A second group of papers deals with the functioning of an enlarged Eurozone and discusses such questions as the role of counter-cyclical fiscal policy, the future of the Stability and Growth Pact, the voting mechanism in the governing board of the European Central Bank (ECB), and the extent to which a single interest rate fits the economic realities of countries with different rates of productivity growth. Based on their findings, the authors propose policy recommendations both for new member states on how to manage their accession to the EMU and for the European Commission and the ECB on how to manage the enlargement of the Eurozone in an optimal way.

The volume opens with a paper by Jacek Rostowski that discusses the arguments of both new and old member states for and against fast EMU enlargement. The first new EU member state--Slovenia--will join the EMU in 2007. Lithuania had previously planned to join the EMU in 2007, and Latvia and Estonia have announced 2008 targets. There are different interests guiding old and new EU members, and Rostowski predicts that old member states will stiffen their resistance to early EMU enlargement. Arguments presented in the paper may help to shed light on the case of Lithuania, whose formal request to join the Eurozone in 2007 was rejected in May 2006, as its inflation rate was marginally (0.1%) above the reference value based on the lowest three rates in the EU (rather than in the Eurozone) in the assessment month. This analysis is further developed by Marek Dabrowski in his paper discussing strategies for EMU enlargement. He correctly points out that the eastern enlargement of the EU will not be complete until the new member states join the EMU. Based on an extensive review of the economic and political-economy arguments, Dabrowski argues for fast EMU enlargement and calls on old EU member states to encourage new members to join the EMU as quickly as possible. A delay in EMU enlargement beyond the next couple of years may create a two-speed Europe, slowing down both nominal and real convergence. It is argued that EMU enlargement will help real and nominal convergence and will assist the new EU member states in catching up to their richer peers. Even if economies of the new EU member states are still considered to be insufficiently suited for membership in a currency union, Dabrowski believes that the euro would facilitate their convergence as they trade more intensively with the old members of the EU. On the other hand, a strict application of the Maastricht inflation criterion, calculated as the simple arithmetic average of the three best inflation performers in the EU (instead of EMU) can conflict with the exchange rate stability criterion, since in an open economy exchange and inflation rates cannot be controlled simultaneously. These strong statements are supported by empirical arguments regarding exchange rates, real and nominal convergence, international trade, and wage flexibility provided in the earlier, more technical, chapters of the book.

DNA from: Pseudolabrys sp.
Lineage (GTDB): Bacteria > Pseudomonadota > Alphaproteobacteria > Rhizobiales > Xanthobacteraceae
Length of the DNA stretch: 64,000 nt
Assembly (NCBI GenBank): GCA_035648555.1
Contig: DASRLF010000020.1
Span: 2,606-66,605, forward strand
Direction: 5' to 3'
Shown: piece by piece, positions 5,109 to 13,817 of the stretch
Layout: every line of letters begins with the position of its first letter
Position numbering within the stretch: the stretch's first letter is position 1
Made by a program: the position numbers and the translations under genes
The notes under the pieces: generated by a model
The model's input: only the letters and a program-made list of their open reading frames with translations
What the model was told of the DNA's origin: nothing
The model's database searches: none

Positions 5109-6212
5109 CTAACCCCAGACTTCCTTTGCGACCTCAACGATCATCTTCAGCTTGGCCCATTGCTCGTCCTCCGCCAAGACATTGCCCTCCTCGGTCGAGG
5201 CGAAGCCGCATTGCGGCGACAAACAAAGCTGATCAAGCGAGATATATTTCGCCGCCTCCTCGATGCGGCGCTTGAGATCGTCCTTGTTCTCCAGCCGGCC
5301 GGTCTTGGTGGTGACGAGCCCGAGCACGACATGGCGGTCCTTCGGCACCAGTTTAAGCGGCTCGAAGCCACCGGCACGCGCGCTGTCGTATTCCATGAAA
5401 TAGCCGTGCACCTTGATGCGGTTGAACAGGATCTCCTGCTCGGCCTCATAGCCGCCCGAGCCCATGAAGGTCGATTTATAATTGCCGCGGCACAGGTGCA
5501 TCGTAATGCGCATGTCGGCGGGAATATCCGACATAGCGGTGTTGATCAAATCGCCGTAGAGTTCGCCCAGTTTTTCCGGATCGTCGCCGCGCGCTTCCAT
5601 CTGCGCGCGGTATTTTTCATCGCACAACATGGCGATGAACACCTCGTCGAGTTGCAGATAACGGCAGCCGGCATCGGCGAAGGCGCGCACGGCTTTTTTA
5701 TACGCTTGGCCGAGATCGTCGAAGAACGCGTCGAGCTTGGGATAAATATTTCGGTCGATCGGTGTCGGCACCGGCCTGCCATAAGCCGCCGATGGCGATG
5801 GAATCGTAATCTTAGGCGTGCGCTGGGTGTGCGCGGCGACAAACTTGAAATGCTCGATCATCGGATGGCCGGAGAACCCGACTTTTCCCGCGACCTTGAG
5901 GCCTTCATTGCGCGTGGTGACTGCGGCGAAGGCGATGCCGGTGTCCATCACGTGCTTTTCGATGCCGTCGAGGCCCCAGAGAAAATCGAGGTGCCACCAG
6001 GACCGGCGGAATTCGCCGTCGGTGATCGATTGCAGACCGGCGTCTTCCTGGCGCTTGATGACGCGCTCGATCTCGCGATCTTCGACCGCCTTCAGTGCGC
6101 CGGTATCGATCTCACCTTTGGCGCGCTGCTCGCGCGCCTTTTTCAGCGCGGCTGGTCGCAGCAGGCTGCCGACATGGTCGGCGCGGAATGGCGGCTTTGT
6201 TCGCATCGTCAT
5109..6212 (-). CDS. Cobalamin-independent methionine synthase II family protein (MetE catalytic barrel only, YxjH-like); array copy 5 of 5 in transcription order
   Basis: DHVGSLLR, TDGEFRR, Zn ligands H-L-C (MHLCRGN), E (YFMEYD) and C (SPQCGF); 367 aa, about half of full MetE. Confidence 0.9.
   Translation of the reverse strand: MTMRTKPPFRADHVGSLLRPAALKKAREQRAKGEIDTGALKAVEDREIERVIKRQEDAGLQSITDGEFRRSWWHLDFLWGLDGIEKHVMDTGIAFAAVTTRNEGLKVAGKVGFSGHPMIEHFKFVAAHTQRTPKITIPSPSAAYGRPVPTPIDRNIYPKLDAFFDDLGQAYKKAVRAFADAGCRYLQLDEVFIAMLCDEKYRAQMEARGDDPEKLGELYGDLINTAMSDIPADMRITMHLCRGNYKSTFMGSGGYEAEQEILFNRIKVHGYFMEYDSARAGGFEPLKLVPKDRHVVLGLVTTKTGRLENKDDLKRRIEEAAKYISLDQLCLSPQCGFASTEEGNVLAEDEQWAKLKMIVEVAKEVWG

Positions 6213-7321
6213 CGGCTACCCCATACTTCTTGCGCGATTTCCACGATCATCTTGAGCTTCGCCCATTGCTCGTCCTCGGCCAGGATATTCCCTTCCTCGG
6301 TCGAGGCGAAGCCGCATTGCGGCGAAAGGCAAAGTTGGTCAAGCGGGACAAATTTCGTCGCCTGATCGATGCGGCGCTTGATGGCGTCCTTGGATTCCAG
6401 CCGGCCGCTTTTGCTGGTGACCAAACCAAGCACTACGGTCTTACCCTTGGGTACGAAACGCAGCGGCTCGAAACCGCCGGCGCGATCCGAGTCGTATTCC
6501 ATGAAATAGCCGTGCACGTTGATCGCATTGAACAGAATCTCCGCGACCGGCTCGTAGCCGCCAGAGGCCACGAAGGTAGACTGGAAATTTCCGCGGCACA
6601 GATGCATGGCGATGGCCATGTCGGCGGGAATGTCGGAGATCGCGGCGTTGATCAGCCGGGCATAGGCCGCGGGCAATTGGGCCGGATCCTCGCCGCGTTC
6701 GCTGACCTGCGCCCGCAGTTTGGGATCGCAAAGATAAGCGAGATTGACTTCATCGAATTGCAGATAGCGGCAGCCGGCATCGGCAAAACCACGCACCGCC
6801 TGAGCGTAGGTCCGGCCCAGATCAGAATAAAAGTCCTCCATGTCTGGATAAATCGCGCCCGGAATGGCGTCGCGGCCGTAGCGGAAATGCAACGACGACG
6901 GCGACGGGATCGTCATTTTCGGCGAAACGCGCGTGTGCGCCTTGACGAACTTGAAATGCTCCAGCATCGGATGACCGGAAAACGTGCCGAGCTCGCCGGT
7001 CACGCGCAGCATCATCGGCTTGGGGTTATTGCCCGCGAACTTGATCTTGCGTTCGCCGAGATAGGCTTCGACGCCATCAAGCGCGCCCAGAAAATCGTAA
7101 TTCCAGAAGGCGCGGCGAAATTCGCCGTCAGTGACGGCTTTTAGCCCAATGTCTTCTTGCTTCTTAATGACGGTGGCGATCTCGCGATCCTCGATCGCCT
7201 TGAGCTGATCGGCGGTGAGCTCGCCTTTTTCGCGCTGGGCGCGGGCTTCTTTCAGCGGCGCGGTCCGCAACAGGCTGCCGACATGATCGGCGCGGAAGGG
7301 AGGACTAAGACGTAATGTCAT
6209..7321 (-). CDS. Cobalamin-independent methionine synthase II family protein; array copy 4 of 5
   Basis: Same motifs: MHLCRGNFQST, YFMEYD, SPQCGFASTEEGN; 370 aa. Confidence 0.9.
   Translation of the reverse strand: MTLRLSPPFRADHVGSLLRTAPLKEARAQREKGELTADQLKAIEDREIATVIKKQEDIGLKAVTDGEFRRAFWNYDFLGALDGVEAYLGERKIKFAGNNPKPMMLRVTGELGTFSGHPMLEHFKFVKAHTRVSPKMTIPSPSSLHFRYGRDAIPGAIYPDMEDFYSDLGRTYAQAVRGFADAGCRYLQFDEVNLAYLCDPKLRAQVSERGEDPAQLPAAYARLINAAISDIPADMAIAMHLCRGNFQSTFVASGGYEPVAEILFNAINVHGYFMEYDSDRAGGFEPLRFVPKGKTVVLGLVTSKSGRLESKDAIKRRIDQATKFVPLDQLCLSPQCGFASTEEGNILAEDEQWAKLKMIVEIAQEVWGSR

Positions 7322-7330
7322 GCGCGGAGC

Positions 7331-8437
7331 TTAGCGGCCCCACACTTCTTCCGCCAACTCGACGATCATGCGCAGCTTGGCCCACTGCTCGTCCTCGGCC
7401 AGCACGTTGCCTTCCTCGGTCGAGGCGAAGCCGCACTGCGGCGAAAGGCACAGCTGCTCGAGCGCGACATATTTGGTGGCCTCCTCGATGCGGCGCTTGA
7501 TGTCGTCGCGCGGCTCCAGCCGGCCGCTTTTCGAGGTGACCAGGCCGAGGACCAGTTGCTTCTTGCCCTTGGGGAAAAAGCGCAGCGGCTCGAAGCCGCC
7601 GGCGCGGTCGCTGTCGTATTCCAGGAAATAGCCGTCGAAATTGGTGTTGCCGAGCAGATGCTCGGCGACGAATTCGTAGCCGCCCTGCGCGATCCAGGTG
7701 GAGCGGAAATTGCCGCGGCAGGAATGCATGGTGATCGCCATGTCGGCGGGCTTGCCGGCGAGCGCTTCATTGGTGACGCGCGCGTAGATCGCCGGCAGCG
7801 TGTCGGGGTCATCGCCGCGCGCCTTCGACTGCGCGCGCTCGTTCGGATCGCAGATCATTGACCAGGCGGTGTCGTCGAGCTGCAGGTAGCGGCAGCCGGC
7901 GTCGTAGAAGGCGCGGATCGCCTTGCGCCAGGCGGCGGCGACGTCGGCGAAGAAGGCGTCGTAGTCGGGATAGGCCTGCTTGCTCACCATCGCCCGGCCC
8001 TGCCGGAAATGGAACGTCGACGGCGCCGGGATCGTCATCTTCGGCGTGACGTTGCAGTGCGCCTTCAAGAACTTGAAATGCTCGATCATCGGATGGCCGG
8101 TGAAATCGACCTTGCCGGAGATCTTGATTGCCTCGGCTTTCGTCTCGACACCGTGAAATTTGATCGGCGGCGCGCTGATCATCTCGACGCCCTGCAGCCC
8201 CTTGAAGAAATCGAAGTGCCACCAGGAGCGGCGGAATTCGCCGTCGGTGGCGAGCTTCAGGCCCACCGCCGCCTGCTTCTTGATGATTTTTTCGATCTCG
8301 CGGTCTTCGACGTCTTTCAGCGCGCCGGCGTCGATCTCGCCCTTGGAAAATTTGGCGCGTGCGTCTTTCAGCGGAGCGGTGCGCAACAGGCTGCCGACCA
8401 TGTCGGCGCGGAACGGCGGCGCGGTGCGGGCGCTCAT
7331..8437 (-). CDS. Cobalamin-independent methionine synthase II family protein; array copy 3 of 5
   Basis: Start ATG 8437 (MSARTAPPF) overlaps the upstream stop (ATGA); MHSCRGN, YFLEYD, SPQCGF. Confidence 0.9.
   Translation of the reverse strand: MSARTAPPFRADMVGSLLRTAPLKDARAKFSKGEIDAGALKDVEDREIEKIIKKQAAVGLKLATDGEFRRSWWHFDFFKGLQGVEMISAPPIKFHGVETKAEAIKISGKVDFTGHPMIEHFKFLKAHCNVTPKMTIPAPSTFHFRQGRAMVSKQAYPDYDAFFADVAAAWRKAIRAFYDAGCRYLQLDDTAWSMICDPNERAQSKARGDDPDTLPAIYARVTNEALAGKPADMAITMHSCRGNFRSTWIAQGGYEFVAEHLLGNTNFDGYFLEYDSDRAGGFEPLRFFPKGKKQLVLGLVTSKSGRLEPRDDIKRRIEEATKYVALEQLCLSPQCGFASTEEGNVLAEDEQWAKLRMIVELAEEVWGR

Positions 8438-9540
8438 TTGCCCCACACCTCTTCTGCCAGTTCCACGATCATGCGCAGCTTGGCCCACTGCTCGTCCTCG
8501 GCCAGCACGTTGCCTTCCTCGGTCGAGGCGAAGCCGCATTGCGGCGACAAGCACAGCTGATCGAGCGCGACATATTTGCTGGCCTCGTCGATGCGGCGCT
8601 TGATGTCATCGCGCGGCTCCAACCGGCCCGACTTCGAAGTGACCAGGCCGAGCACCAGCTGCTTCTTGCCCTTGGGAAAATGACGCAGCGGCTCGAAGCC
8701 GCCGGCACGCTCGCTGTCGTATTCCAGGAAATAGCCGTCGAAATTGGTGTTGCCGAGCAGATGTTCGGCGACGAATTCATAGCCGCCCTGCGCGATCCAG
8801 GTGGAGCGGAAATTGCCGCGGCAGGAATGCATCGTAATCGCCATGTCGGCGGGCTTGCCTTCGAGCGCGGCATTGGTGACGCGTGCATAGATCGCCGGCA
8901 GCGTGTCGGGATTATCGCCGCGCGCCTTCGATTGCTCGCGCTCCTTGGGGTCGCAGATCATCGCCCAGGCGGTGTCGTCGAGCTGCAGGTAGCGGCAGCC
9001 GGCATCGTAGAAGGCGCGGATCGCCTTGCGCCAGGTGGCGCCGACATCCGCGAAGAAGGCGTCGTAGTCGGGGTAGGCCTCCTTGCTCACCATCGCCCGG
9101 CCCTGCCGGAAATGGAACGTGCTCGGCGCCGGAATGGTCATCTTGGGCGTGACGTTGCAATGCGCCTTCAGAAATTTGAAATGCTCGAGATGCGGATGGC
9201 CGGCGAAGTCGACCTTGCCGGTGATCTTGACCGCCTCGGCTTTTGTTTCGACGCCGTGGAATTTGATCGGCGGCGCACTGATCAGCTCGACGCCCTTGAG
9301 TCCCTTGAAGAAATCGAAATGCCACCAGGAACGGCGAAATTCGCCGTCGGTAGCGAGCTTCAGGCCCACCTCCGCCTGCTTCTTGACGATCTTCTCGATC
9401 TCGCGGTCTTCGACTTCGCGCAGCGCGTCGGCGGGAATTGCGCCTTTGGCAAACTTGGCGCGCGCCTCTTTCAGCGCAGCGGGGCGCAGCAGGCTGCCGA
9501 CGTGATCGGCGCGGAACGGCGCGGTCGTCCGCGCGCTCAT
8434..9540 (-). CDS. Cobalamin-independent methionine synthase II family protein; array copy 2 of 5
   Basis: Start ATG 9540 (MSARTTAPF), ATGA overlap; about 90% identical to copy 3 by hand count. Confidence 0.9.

In sum, the volume presents a great variety of high quality articles. The selection of contributions is well balanced and covers a substantial array of issues. The volume makes an important contribution to the discussion of the potential costs and benefits of EMU enlargement and provides a comprehensive economic analysis of the theoretical, empirical and political issues that will affect the success of Eurozone enlargement. This is an excellent book that should be read both by theoretical economists and policy makers, especially in the new EU member states.

Jacek Cukrowki

United Nations Development Program, Europe and the CIS Bratislava Regional

Centre, Bratislava, Slovakia
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Author:Cukrowki, Jacek
Publication:Comparative Economic Studies
Article Type:Book review
Date:Jun 1, 2007
Words:1005